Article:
KNR Celebrates Our 2023 SuperLawyers & Rising Stars
Posted in: Legal Blog
KNR Legal Blog
A recent freezer malfunction at University Hospitals in Cleveland compromised thousands of eggs and embryos that were being stored for around 700 families. Those families invested time, money, and emotions into the prospect of having children in the future. Now, it is uncertain whether they will be able to use those eggs and embryos to start or expand their families.
If your eggs or embryos were stored at the UH Cleveland Fertility Center and affected by the malfunction, call Kisling, Nestico & Redick at 1-800-HURT-NOW. We are available to discuss your situation and legal options.
Freezing eggs and embryos and maintaining them for a long period of time requires a specific environment. They must be frozen and are stored in liquid nitrogen. At such low temperatures, genetic material can survive while no biological activity can occur.
If that environment breaks down, though, eggs and embryos are put at risk. If they become too warm without properly being thawed, physiological changes could happen that impact whether they can lead to a healthy pregnancy and baby.
In the case of Ohio’s University Hospitals Fertility Center, a liquid nitrogen storage tank malfunctioned, compromising 2,000 frozen eggs and embryos, which may no longer be viable. The fertility clinic has contacted families who were impacted by the freezer malfunction, leaving some to wonder what to do next. If you were affected and do not know where to turn, call KNR today at 1-800-HURT-NOW. We can help you understand your legal options and guide you through the claims process.
University Hospitals has reported that it is not aware of why one of its two liquid nitrogen tanks malfunctioned. The hospital has brought in independent experts to determine the cause. The situation is also under investigation by numerous organizations, including the College of American Pathology and the Joint Commission – both of which are accreditation institutions, and the Ohio Department of Health.
Not only are there questions regarding why the temperature in the tank rose, there are also questions regarding whether the tank was properly supervised. University Hospitals Fertility Center may not have caused the temperature change, yet it could still be responsible for failing to monitor the tank appropriately and keep the necessary staff on hand to respond to any alarms regarding unexpected temperature fluctuations.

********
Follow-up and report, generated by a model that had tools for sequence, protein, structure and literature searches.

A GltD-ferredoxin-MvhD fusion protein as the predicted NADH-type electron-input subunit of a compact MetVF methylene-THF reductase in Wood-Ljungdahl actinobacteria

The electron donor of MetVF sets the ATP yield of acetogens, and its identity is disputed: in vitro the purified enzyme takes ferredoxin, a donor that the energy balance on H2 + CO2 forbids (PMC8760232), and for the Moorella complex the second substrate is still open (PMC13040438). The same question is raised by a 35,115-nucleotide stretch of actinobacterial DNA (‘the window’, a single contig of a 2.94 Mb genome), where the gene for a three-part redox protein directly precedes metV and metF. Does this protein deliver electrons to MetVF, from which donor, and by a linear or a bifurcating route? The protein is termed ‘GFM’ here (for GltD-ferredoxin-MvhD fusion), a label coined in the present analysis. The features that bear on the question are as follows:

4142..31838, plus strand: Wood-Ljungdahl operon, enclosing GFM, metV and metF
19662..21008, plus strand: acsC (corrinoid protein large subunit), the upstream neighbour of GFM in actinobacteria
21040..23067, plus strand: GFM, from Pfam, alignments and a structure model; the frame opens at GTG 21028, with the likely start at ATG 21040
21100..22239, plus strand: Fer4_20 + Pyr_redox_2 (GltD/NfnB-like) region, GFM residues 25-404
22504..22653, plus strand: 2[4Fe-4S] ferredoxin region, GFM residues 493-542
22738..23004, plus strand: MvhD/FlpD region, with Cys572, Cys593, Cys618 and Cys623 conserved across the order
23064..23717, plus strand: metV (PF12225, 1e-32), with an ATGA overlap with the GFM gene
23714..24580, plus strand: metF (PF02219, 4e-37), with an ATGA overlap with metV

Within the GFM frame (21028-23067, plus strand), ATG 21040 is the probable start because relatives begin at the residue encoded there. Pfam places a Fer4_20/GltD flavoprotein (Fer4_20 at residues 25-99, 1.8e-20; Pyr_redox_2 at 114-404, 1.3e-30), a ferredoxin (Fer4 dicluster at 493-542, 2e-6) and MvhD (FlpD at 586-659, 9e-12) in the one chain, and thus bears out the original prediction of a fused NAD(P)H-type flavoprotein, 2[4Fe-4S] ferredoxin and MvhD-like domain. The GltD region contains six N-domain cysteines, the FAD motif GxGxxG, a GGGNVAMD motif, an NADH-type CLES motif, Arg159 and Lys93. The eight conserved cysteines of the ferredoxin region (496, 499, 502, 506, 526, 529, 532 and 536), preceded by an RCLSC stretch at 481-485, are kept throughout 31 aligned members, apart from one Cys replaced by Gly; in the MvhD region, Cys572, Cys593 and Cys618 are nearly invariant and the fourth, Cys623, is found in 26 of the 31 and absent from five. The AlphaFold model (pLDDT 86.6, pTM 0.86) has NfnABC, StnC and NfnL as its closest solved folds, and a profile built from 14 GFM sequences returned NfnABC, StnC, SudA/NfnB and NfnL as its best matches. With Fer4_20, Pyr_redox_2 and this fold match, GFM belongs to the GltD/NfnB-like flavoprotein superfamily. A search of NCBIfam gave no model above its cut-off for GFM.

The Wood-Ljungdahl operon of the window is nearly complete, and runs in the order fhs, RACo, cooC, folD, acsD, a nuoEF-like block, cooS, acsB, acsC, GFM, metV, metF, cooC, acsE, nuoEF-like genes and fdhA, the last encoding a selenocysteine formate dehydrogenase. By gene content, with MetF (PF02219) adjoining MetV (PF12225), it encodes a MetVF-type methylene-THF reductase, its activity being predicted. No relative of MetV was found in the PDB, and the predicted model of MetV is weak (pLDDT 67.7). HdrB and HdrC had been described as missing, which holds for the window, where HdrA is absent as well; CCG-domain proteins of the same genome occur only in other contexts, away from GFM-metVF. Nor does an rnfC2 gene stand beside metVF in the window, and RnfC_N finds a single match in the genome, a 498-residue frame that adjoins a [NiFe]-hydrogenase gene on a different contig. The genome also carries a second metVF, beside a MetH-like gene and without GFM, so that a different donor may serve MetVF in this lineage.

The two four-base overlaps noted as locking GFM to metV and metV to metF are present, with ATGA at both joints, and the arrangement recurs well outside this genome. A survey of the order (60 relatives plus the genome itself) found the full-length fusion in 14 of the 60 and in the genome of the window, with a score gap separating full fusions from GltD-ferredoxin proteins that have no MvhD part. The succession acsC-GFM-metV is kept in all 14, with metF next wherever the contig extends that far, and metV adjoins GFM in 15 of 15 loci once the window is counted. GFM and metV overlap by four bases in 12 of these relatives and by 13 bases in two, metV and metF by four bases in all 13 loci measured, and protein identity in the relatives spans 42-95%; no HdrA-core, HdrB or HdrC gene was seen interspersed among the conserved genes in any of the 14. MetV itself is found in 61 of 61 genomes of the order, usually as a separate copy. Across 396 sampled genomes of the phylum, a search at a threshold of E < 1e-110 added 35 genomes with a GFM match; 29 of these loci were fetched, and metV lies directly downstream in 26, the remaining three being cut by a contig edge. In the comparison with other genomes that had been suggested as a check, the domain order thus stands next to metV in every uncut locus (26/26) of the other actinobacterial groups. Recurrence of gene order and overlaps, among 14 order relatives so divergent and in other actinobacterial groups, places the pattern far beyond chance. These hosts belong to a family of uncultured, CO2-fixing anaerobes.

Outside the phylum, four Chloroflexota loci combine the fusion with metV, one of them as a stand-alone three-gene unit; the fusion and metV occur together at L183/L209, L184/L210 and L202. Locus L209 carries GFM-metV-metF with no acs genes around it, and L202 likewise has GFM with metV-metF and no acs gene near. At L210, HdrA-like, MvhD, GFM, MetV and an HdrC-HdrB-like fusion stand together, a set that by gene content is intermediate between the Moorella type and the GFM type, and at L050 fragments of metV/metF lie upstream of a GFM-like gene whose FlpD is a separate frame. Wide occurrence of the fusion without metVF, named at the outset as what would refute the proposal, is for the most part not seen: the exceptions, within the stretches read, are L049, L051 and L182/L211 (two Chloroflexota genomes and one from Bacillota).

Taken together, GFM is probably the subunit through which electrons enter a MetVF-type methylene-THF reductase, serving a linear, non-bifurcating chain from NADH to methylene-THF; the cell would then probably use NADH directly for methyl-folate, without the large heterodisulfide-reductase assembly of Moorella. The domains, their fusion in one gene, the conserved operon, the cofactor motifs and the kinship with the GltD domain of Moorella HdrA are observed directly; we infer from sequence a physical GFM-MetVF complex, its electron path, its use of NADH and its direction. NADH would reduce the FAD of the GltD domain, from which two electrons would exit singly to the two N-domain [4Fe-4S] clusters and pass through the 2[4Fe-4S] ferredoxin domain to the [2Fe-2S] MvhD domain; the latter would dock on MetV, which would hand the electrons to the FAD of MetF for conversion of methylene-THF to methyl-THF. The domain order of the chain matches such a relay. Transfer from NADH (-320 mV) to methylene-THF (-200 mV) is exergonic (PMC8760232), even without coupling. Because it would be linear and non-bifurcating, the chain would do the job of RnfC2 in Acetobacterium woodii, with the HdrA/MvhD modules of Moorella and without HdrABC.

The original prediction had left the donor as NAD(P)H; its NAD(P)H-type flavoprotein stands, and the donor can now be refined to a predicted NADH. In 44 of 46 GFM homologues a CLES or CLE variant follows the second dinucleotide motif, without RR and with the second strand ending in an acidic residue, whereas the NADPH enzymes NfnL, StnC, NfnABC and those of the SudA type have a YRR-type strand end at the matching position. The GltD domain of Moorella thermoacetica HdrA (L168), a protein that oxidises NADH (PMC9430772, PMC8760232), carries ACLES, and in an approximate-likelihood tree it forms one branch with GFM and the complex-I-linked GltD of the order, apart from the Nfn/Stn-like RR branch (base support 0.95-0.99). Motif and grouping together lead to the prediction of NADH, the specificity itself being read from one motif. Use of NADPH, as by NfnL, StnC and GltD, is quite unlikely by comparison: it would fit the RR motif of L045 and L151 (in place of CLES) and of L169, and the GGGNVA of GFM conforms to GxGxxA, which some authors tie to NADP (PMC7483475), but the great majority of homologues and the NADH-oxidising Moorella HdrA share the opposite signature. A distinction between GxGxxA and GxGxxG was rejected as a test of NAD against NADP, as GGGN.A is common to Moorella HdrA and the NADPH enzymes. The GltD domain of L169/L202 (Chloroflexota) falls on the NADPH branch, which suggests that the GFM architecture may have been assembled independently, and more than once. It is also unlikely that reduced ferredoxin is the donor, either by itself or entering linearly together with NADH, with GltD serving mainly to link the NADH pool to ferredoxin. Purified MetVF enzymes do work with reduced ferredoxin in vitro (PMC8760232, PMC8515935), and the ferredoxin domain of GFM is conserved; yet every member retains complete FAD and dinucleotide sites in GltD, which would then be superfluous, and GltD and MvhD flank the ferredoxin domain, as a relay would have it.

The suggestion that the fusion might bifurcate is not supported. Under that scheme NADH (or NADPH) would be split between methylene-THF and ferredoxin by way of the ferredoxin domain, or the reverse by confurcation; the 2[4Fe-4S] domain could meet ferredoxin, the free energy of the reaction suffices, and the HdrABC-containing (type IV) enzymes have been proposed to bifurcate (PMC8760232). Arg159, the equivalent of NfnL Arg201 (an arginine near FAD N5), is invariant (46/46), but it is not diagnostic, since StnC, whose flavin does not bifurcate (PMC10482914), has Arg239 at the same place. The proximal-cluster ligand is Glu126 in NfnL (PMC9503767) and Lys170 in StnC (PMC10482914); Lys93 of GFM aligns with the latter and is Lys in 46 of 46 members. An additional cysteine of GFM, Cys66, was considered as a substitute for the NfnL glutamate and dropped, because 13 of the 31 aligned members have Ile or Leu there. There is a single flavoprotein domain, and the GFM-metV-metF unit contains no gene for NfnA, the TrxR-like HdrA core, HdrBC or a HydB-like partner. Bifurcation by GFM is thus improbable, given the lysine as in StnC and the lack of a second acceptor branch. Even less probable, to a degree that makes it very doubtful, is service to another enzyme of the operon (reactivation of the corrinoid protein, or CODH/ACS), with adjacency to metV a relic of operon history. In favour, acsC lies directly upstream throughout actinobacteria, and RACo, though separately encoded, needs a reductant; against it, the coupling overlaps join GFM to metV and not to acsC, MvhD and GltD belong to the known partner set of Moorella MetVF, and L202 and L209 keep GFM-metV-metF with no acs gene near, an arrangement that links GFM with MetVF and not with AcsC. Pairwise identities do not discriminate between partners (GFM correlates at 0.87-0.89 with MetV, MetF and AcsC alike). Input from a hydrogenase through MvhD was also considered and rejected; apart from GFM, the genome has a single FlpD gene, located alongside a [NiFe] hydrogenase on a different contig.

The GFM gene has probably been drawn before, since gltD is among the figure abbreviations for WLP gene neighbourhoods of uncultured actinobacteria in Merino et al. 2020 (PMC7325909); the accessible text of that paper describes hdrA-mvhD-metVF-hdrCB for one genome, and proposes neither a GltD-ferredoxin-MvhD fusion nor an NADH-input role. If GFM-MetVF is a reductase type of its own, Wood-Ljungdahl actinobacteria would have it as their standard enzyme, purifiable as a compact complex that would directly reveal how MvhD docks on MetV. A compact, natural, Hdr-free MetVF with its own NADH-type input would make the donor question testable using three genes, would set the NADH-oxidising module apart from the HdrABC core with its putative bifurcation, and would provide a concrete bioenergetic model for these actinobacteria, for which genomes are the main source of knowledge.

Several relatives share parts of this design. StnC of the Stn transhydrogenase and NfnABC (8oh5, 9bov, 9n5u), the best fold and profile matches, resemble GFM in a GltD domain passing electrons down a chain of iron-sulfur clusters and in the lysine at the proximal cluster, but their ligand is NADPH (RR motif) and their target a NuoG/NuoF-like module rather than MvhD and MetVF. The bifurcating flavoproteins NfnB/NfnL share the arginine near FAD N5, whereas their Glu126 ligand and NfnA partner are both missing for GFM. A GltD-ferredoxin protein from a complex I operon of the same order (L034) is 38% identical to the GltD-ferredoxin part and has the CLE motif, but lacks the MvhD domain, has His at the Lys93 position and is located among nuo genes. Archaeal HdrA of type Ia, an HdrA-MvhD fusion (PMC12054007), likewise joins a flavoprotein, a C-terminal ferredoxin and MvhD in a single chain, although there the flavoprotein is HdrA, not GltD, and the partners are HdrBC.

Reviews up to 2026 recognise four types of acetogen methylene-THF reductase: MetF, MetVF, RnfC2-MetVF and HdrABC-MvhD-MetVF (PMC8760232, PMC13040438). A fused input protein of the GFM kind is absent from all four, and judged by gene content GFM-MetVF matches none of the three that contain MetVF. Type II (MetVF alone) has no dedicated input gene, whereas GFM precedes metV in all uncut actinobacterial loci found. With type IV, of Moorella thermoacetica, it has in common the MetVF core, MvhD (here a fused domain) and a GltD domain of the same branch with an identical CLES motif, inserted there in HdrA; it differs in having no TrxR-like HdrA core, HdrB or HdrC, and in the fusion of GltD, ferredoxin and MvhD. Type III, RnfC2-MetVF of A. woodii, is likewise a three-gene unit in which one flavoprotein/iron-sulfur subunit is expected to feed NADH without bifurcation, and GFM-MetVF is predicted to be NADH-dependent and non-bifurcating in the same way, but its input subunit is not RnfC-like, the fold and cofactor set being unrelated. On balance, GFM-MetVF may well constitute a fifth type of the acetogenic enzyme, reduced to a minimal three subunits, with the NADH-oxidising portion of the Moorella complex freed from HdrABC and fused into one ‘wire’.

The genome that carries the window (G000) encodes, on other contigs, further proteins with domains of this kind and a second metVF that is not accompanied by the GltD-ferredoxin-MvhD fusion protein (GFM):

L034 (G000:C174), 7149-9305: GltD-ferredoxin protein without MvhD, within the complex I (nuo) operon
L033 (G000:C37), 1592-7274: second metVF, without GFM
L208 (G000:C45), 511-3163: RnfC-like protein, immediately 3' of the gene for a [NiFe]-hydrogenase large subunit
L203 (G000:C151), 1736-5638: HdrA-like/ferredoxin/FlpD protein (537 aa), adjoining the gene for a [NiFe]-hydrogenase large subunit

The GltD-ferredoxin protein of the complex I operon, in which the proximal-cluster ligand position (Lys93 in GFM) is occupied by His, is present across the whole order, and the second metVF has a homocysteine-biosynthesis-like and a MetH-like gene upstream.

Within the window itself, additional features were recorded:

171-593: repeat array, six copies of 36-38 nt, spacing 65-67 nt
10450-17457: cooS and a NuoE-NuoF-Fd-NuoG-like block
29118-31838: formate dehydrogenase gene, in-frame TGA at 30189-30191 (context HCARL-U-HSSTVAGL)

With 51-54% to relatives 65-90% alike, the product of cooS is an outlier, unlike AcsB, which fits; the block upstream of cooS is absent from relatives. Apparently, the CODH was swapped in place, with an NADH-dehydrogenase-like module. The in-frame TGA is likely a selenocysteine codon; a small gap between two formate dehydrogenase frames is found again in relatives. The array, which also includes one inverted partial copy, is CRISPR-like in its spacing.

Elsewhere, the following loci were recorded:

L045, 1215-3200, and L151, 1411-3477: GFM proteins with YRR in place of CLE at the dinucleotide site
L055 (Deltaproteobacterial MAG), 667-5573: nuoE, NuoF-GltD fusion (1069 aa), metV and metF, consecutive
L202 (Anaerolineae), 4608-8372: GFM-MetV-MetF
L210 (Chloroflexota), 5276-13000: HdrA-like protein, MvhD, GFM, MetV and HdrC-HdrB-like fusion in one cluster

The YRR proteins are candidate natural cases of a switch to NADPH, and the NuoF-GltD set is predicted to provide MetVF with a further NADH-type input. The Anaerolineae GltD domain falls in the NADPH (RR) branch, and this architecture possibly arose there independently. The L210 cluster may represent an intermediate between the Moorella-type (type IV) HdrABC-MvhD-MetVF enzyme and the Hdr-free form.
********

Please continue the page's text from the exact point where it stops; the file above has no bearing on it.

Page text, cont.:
The fertility clinic moved the eggs and embryos after discovering the temperature fluctuation. However, whether those eggs or embryos are still viable, meaning whether they can lead to a healthy fetus, remains to be seen. Approximately 700 families may have lost their chances to start having children or expand their families.
The only way to tell if an egg or embryo is viable is to thaw it. However, once it is thawed, it cannot be frozen again. This puts families in a difficult position. They need to have their eggs or embryos thawed to determine if they are viable. They may use the potentially compromised eggs or embryos to try to carry out a pregnancy, not knowing how the temperature fluctuation affected them and whether that could have consequences for the fetus.
The cause of the malfunction is unknown, which creates issues in regard to legal liability. The assumption is that University Hospitals is liable, yet an understanding of the cause of the incident could also place liability elsewhere, such as on the tank manufacturer, an outside contractor hired to monitor or maintain the tank, or an inspector who failed to notice a problem. It will take time and a deep investigation to determine the cause and whether another business is liable.
As of right now, the focus is rightfully on University Hospitals’ duty to its patients and its liability for failing to uphold that obligation. The fertility center was entrusted with its patients’ valuable property, which it ensured would be properly maintained and viable until the time came when the patient chose to utilize their eggs or embryos. With the information currently available, patients who lost their eggs and embryos may be able to file a claim against University Hospitals for negligence or gross negligence.
The families affected by this situation have lost significant financial investments in the in vitro fertilization process. A woman freezing her eggs or fertilized embryos may spend tens of thousands of dollars depending on how many egg retrievals the woman went through, how many implantation attempts have been made, and how long the families were storing the eggs or embryos.
The emotional distress and grief caused by this situation is significant. Many of these families intended to go through in vitro fertilization themselves or with a surrogate. They knew the genetic sex of their embryos and had potential baby names picked out. For some families, the unviable eggs or embryos mean they will never have children genetically related to them. They now face the decision to not have children or go through a lengthy and potentially expensive adoption process.
In addition to compensatory damages for financial and emotional damages, families may also be able to pursue punitive damages. If they are able to establish gross negligence, families may request the court order University Hospitals to pay additional damages that are intended to penalize the organization.
If you received the shocking news that your eggs or embryos may not be viable because of the University Hospitals’ tank malfunction, you should speak with an attorney. You may have a legal claim against the facility. Our attorneys at Kisling, Nestico & Redick are ready to talk with you and explain your legal rights and options in this difficult situation. Call us today at 1-800-HURT-NOW or contact us online to schedule your initial consultation.